While comments from the California Horse Racing Board at its regular May 24 meeting didn't fully outline how concerns about recent stewards' interference calls (or non-calls) would be addressed, board member Madeline Auerbach assured the public that changes are coming.
Auerbach said the regulator plans to make changes to the rules on interference and how the stewards interpret those rules. The CHRB also plans to rotate stewards from track to track.
"Anyone in this room who doesn't think some changes are coming, they're not reading us accurately," Auerbach said. "We're going to get it done. You will see it shortly ... as soon as everything gets ironed out."
While a number of California stewards' decisions have received public scrutiny in recent years, a decision to leave Achira up after she reached the wire first under Mike Smith in a May 6 optional-claiming allowance race on the Santa Anita Park turf after coming out several lanes in the stretch brought the issue to a boil.
CHRB chairman Chuck Winner knows there's been a lot of concern about that particular call. He said the rule was evaluated during a May 23 meeting attended by himself, Auerbach, chief steward Darrel McHargue, staff members, and attorneys. Winner said they're working to reduce the amount of subjectivity required in the stewards' decisions, and they're looking at rotating stewards.
Horseplayer and new owner Leo Vukmanovich said California stewards' decisions are inconsistent.
"As a 40-year horseplayer, you have a good idea if a horse is going to come down or stay up," Vukmanovich said. "Now you have no idea what's going to happen."
To ensure objectivity among stewards, Vukmanovich suggested video be shown in black and white so that silks aren't readily identifiable. There might be technology available, he said, that help stewards determine whether interference occurred and who was affected, making it less of a judgment call.
"The way that we quantify if someone is cost a place needs to have some type of mechanism or two to measure that," Vukmanovich said. "It's just opinions (currently), and they're not consistent. I think that's what causes a problem."
Four days after the stewards' decision, Smith was suspended for failure to maintain a straight line in the stretch during the May 6 race. Vukmanovich said the decision frustrated horseplayers.
"The biggest insult to the players was a few days later, they give Mike Smith days," Vukmanovich said. "That acknowledges that he did something wrong, but he wasn't taken down."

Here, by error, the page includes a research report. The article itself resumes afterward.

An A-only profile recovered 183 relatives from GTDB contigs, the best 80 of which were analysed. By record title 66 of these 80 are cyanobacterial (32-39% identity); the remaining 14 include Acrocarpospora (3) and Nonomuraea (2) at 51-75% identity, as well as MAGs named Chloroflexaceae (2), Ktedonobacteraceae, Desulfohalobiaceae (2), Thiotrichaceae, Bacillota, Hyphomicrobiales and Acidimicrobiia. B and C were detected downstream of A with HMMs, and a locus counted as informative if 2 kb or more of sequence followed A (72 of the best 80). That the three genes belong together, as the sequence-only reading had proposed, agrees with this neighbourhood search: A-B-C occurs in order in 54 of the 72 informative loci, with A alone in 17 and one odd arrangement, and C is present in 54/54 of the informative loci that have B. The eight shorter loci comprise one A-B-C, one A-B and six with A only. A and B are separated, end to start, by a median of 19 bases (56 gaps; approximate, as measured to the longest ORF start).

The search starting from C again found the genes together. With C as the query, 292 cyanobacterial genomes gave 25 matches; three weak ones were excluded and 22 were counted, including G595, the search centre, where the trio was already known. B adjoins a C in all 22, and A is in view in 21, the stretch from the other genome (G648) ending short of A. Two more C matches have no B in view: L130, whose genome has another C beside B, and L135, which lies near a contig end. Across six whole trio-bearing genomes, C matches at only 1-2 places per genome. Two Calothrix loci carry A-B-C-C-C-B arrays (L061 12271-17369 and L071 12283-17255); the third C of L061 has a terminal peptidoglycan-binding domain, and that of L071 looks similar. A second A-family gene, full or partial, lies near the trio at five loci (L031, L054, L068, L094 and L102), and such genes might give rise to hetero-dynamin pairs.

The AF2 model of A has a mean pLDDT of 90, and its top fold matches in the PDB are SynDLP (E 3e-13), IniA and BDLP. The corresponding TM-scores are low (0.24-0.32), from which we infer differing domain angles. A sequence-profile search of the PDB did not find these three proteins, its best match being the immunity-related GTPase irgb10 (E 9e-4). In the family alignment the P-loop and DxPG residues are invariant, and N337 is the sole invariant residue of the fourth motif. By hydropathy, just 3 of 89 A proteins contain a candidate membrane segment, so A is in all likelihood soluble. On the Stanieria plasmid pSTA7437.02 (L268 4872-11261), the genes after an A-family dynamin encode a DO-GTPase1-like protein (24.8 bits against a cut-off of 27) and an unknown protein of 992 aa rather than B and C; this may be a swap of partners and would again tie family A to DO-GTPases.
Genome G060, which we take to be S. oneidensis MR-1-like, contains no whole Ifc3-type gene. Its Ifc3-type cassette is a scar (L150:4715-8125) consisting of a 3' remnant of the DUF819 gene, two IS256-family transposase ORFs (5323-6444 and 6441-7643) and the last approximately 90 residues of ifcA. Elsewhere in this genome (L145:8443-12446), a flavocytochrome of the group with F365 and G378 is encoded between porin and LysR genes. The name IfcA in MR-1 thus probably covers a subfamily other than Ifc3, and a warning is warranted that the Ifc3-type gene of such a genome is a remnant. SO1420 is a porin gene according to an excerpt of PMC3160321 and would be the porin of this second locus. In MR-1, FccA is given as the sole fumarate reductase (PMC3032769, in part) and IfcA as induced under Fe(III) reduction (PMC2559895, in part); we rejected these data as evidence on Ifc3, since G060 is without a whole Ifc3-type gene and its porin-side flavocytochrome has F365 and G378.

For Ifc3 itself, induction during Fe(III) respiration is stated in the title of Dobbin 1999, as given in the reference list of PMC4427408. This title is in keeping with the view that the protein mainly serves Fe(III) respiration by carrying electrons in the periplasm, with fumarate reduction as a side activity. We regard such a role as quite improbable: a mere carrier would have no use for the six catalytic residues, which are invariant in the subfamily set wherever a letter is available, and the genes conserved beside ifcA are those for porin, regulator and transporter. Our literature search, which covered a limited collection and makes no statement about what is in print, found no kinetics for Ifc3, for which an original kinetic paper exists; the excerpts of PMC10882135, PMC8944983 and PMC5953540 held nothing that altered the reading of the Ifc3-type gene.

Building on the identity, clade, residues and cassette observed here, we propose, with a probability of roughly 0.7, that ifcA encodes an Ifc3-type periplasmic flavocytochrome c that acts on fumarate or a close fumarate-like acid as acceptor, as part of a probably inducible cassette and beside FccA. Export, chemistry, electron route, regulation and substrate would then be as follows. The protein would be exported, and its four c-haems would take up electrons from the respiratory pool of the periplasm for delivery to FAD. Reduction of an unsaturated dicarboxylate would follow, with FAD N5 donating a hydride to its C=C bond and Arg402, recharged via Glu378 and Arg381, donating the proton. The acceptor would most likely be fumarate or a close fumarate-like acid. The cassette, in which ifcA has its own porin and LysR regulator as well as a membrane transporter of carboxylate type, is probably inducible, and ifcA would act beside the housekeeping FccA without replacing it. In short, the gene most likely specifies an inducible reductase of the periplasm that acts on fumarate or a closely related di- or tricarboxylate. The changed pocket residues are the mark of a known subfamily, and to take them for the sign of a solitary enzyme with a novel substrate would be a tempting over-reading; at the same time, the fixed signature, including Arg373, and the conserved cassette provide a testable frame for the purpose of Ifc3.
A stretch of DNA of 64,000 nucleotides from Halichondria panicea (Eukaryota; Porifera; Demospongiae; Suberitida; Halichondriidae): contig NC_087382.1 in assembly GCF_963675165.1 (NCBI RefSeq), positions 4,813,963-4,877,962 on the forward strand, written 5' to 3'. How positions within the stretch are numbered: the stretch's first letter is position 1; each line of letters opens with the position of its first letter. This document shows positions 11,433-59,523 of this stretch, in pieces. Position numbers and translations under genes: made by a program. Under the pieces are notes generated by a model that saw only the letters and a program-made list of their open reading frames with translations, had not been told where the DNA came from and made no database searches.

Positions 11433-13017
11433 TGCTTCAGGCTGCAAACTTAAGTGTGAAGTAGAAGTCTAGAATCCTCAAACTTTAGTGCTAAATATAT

CHRB chief steward Darrel McHargue said California has some of the top stewards in the country. He said they strive for consistency and objectivity.
"You do not let the personalities become involved in your decisions. It's just a matter of who fouled who, and you make your decision," McHargue said.
Winner backed McHargue's performance and noted the rules are different for taking a horse down and sanctioning a rider with a suspension.
"No one could do any better than Darrell McHargue. He's on top of this like nobody else can be," said Winner, who is open to ideas and suggestions for improving the process.
Thoroughbred owner Nick Alexander—noting he was speaking for himself and not on behalf of the Thoroughbred Owners of California, for which he serves as chairman—encouraged the board to do more than rule tweaks and steward rotations.
"You have to do something about it. Heads need to roll," Alexander said. "Somebody needs to be fired or replaced. You're costing Southern California a lot of money if you don't do something. ... You can't just let it happen again and again and again."
Tim Ritvo, COO of Santa Anita owner The Stronach Group, said it's important to hear the concerns of the betting public.
"I'm glad you're looking at this very seriously. And I'm glad customers have come up here to talk, because they're the economic engine of the sport. If they don't feel like they have a fair shot and are fairly represented, we're going to lose a lot of business," Ritvo said. "It's the most highly regulated environment there is, and we continue to see mistakes like this being made."
Ritvo suggested stewards be sanctioned for incorrect calls.
"When a horseman, a trainer, or jockey violate a rule, or make a mistake for trying—maybe a jockey trying too hard to win a race—they get suspended. The public sees it, and he's penalized and loses money," Ritvo said. "It needs to be some type of reprimand (for stewards)."